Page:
To bring the on-screen participants into the room, we had a high, birds-eye view, camera; having a camera from above is very useful, in that it gives those not there a better sense of the room. It also enables them to “see themselves in the space” as one participant put it, using physical objects as avatars.
So when setting up the Polak game, in which players need to physically locate themselves in relation to axes on the floor-space, I took some objects I found in the room (some stationery) and showed them to the on-screen players. I asked them to, on the count of three, type into the chat which one they wanted to ‘be’. This was a ludic way to assign avatars, which were nonetheless physical, having a presence (that ever elusive beast) in the space. As the only player in the room, I used my own body, occasionally replacing it with my laptop bag, if I wanted to move around the room and ‘step out’ of the game to comment and discuss it, as well as moving the other avatars around. To reinforce the person-object bonds established, I changed the names of the on-screen participants to, for example, Johnny Sticky-tape, or Susan Staple-gun (Johnny and Susan are made-up names here, but in the workshop I kept the participants’ first names). When giving feedback, a participant stated: “The use of stationery to represent us in taking part in the activities, let me feel that I was there but not attending online!”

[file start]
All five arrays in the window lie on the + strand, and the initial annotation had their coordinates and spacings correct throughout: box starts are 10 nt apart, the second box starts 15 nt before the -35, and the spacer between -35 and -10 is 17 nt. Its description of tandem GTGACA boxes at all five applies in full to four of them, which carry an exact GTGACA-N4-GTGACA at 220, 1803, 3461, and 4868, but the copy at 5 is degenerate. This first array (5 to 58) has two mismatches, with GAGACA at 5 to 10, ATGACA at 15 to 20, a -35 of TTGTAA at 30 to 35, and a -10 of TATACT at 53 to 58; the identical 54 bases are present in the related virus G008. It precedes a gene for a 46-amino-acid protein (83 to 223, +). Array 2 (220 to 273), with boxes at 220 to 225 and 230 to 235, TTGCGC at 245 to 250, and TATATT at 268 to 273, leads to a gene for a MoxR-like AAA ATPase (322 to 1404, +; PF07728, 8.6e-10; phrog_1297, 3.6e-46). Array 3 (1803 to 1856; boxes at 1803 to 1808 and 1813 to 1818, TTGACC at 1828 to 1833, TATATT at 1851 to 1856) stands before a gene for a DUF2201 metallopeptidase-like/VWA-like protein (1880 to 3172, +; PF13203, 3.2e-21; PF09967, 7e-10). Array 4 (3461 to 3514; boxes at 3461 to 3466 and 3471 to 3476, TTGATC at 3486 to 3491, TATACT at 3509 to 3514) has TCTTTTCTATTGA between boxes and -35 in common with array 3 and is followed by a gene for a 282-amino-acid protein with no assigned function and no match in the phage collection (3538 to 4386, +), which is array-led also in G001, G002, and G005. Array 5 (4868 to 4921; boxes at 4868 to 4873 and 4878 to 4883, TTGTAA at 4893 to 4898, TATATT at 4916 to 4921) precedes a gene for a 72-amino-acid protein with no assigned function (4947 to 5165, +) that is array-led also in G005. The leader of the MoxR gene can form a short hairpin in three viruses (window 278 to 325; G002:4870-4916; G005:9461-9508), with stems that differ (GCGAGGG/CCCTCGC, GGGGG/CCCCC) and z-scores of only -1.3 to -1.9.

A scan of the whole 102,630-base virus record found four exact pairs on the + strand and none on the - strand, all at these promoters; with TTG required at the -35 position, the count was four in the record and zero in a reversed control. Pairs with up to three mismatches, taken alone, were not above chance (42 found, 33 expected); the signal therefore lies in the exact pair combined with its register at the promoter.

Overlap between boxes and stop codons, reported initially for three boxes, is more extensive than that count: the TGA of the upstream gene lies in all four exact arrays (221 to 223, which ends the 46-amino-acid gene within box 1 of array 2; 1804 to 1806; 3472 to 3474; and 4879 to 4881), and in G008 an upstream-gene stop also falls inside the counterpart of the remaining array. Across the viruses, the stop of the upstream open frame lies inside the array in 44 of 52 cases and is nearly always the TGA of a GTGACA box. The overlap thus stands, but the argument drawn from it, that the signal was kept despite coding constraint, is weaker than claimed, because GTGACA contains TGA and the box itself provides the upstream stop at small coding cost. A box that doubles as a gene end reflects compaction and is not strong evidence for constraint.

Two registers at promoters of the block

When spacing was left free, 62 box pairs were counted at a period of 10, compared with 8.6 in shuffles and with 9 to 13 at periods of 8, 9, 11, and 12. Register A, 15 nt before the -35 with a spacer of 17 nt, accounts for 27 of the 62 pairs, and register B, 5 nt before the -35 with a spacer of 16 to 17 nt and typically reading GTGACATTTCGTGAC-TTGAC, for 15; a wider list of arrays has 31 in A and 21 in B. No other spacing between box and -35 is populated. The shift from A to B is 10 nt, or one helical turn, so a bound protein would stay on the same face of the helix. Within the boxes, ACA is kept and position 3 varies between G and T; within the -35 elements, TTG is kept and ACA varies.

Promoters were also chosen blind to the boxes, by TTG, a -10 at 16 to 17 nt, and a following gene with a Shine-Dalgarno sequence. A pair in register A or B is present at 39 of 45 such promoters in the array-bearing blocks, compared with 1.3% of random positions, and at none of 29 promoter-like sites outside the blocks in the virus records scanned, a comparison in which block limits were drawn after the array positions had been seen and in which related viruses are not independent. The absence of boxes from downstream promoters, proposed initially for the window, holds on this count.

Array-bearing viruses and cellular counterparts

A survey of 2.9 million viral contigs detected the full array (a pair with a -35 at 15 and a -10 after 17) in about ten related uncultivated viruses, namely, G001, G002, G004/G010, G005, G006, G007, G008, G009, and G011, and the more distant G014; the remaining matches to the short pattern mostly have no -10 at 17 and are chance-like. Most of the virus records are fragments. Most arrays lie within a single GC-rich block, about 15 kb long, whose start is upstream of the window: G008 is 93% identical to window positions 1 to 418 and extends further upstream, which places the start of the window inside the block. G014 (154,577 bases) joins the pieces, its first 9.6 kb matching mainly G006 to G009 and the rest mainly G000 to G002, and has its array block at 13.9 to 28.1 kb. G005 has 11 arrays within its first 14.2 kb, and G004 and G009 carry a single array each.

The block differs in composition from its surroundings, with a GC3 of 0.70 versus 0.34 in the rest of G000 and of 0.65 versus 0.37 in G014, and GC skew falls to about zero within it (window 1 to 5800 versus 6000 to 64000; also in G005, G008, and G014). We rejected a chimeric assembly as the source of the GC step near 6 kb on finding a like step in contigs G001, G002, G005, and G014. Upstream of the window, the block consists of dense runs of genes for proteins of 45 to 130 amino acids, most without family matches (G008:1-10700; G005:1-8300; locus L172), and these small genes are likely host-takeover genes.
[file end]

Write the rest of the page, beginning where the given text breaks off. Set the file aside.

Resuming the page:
Ultimately, this is the litmus test of a hybrid workshop session: that you cannot tell anymore where you are. It is refreshing that in a world besotted by so much talk about virtual reality and the wonders it might afford us, it was in fact the simple, relatively low-tech use of a Zoom call and some stuff on the floor that achieved that effect. That is the magic of theatre at work: if I say that a laptop bag is now Pedro, this is who it becomes. A future for futures workshops might in the end rely on this very old trick.
[i] The ‘Voros game’ is a new tool in development, to facilitate futures thinking. There is no scope to write about it here, but it is an exciting potential outcome from this project.